School of Business and Management

BUSM091 Global Supply Chain Management


2 (2017/18)

Module organiser

Dr Elena Baglioni


Over the last few decades the business world has become more complex, fragmented, and geographically scattered. As firms outsource a growing portion of the activities and functions that were previously carried out in-house, they become one element of a multifaceted and intricate process of value creation and capture that cut across firms' and states' borders: the supply chain. As value-creating activities and functions are shared between ever more players their linkages increase as well as their interdependence. The study of global supply chains and their management looks at this scattered environment: the linkages and relationships among firms, and among firms and other actors; and focuses on how leading firms attempt to drive this complexity in multiple ways, whether by increasing coherence, consistency and unity in the supply chain, or by shifting costs to other chain members and increasing competitive pressures among them.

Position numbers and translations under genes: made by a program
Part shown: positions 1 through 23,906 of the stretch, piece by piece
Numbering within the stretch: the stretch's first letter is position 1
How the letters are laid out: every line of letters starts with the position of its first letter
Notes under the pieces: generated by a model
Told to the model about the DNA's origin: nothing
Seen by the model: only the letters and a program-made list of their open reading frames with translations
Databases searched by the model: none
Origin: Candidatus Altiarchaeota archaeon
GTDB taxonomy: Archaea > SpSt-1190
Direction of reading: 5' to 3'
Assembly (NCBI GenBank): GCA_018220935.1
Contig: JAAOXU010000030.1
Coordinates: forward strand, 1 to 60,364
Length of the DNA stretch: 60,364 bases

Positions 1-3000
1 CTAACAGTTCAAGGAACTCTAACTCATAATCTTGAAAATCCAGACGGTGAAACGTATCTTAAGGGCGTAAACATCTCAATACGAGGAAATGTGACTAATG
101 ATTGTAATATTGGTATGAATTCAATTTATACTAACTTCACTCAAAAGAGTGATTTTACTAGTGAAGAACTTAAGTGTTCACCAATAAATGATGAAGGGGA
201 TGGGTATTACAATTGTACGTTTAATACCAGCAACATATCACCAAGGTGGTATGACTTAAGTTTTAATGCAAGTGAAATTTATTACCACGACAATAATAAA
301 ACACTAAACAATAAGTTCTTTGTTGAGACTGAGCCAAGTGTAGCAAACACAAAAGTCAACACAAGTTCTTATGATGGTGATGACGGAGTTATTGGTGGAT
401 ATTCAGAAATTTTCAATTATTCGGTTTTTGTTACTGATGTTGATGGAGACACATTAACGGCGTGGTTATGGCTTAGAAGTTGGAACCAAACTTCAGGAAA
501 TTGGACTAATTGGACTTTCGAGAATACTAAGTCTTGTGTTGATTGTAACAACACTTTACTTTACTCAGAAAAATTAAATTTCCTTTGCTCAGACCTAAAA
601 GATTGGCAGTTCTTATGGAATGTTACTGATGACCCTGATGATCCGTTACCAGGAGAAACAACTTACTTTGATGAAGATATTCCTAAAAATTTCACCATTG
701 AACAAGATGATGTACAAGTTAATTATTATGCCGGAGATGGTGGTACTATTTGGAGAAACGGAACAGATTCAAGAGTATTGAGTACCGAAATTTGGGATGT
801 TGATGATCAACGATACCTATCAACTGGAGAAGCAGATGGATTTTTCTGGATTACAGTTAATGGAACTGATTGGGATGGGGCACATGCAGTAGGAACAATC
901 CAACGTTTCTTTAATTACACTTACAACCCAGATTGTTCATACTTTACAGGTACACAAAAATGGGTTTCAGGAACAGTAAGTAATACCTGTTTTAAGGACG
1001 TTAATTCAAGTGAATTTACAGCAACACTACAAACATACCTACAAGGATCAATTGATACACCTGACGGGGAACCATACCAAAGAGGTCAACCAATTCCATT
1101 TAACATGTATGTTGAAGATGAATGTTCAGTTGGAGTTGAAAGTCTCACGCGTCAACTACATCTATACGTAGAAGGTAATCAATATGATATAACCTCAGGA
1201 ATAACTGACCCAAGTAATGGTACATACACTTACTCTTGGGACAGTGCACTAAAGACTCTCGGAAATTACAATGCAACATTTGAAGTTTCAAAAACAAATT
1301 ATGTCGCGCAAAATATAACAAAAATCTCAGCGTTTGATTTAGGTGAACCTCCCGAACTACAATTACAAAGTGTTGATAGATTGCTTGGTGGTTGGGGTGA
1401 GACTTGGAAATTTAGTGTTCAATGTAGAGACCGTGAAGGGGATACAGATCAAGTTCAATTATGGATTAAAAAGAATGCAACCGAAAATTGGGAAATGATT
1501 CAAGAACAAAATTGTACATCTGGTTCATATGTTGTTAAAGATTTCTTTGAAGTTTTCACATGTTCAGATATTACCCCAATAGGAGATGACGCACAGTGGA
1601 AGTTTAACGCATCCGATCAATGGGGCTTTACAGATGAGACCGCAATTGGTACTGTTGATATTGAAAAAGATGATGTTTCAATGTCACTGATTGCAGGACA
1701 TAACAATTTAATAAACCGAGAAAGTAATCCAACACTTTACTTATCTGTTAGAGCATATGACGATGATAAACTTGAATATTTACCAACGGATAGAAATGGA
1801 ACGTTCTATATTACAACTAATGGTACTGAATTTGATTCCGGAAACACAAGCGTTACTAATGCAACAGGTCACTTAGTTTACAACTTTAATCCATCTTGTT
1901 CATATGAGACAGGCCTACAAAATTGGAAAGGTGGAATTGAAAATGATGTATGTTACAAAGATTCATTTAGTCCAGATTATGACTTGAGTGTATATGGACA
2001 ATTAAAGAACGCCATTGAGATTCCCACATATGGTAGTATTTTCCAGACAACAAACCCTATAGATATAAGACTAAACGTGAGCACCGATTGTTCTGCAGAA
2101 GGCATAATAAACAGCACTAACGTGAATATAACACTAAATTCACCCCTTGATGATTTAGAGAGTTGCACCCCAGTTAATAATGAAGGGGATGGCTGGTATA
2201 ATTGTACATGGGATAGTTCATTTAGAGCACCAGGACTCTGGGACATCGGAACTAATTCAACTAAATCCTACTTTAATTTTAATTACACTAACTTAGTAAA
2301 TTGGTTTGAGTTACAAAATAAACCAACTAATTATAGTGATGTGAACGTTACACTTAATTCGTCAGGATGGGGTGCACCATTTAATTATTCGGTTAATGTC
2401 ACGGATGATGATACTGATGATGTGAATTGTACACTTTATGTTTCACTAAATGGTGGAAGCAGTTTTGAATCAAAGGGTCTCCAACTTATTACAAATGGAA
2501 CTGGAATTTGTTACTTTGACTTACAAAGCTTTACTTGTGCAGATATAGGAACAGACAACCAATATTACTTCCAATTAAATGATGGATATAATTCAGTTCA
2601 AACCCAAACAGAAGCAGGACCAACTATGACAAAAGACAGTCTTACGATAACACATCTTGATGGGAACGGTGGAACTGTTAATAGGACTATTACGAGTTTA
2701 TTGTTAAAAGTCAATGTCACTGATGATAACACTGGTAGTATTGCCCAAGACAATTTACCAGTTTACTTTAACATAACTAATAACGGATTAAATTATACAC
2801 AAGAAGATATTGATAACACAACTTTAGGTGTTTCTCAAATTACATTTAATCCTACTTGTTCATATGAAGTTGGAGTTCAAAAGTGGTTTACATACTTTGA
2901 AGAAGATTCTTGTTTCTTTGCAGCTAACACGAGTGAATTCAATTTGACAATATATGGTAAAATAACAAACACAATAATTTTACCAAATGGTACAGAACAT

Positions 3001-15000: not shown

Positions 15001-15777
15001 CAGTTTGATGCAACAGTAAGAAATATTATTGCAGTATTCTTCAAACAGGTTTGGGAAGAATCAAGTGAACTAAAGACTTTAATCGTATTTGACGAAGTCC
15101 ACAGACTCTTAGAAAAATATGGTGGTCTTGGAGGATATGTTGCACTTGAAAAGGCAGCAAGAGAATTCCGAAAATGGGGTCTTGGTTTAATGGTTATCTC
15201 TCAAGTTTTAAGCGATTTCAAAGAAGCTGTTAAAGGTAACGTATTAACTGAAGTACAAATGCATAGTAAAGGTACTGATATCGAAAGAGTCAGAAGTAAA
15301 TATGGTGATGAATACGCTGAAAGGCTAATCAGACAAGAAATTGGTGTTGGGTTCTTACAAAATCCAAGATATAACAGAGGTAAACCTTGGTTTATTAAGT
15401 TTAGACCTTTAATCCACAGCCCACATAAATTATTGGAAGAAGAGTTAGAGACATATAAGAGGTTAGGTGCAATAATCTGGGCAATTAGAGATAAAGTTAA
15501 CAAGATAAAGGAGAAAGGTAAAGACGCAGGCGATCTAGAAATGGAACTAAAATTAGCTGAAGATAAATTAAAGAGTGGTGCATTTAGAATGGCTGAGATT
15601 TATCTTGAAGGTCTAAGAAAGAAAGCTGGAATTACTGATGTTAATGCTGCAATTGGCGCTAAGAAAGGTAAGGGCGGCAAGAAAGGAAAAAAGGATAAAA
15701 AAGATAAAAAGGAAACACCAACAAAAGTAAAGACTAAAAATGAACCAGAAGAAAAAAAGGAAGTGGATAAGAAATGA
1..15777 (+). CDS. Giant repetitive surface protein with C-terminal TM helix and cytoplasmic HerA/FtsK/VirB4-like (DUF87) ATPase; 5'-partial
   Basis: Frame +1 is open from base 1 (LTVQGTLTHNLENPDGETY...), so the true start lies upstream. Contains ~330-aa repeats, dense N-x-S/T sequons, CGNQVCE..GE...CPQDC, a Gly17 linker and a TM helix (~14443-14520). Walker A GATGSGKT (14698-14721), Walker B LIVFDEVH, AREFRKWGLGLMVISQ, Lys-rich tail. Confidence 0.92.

The module explores these issues by focusing on a number of industries linked to agriculture and natural resources. These types of industries fuel some of the largest, most complex, and corporate controlled global supply chains in history, e.g. from fruits and vegetables to Tesco and Sainsbury, from cotton to fashion retailers, or from coltan to Nokia and Apple.

Learning outcomes

Students will be able to:

  • Critically analyse and assess the complex nature of global supply chains as diverse, and uneven webs of multiple activities, people and institutions
  • Demonstrate a clear and complex understanding of different spheres, dimensions, strategies, an instances inherent in the management of global supply chains
  • Demonstrate the ability to distinguish, evaluate and apply different theoretical frameworks to analyse different global supply chains and their management

Reading list

  • Bair, J. (ed) 2009, Frontiers of Commodity Chain Research, Stanford: Stanford University Press
  • Bonachic, E. and Wilson, J.B. 2008, Getting the Goods, Ports, Labour and the Logistic Revolution, Ithaca: Cornell University Press
  • Cox, A., Ireland, P.,  Lonsdale, C. and Sand, J. 2002, Supply Chains, Markets and Power. Mapping Buyer and Supplier Power Regimes, London: Routledge
  • Christopher, M. 2011, Logistics and Supply Chain Management, London: Pearson
  • Fawcett, S.E. Ellram, L.M., Ogden, J.A. 2007, Supply Chain Management. From Vision to Implementation, New Jersey: Pearson


70% Exam and 30% Coursework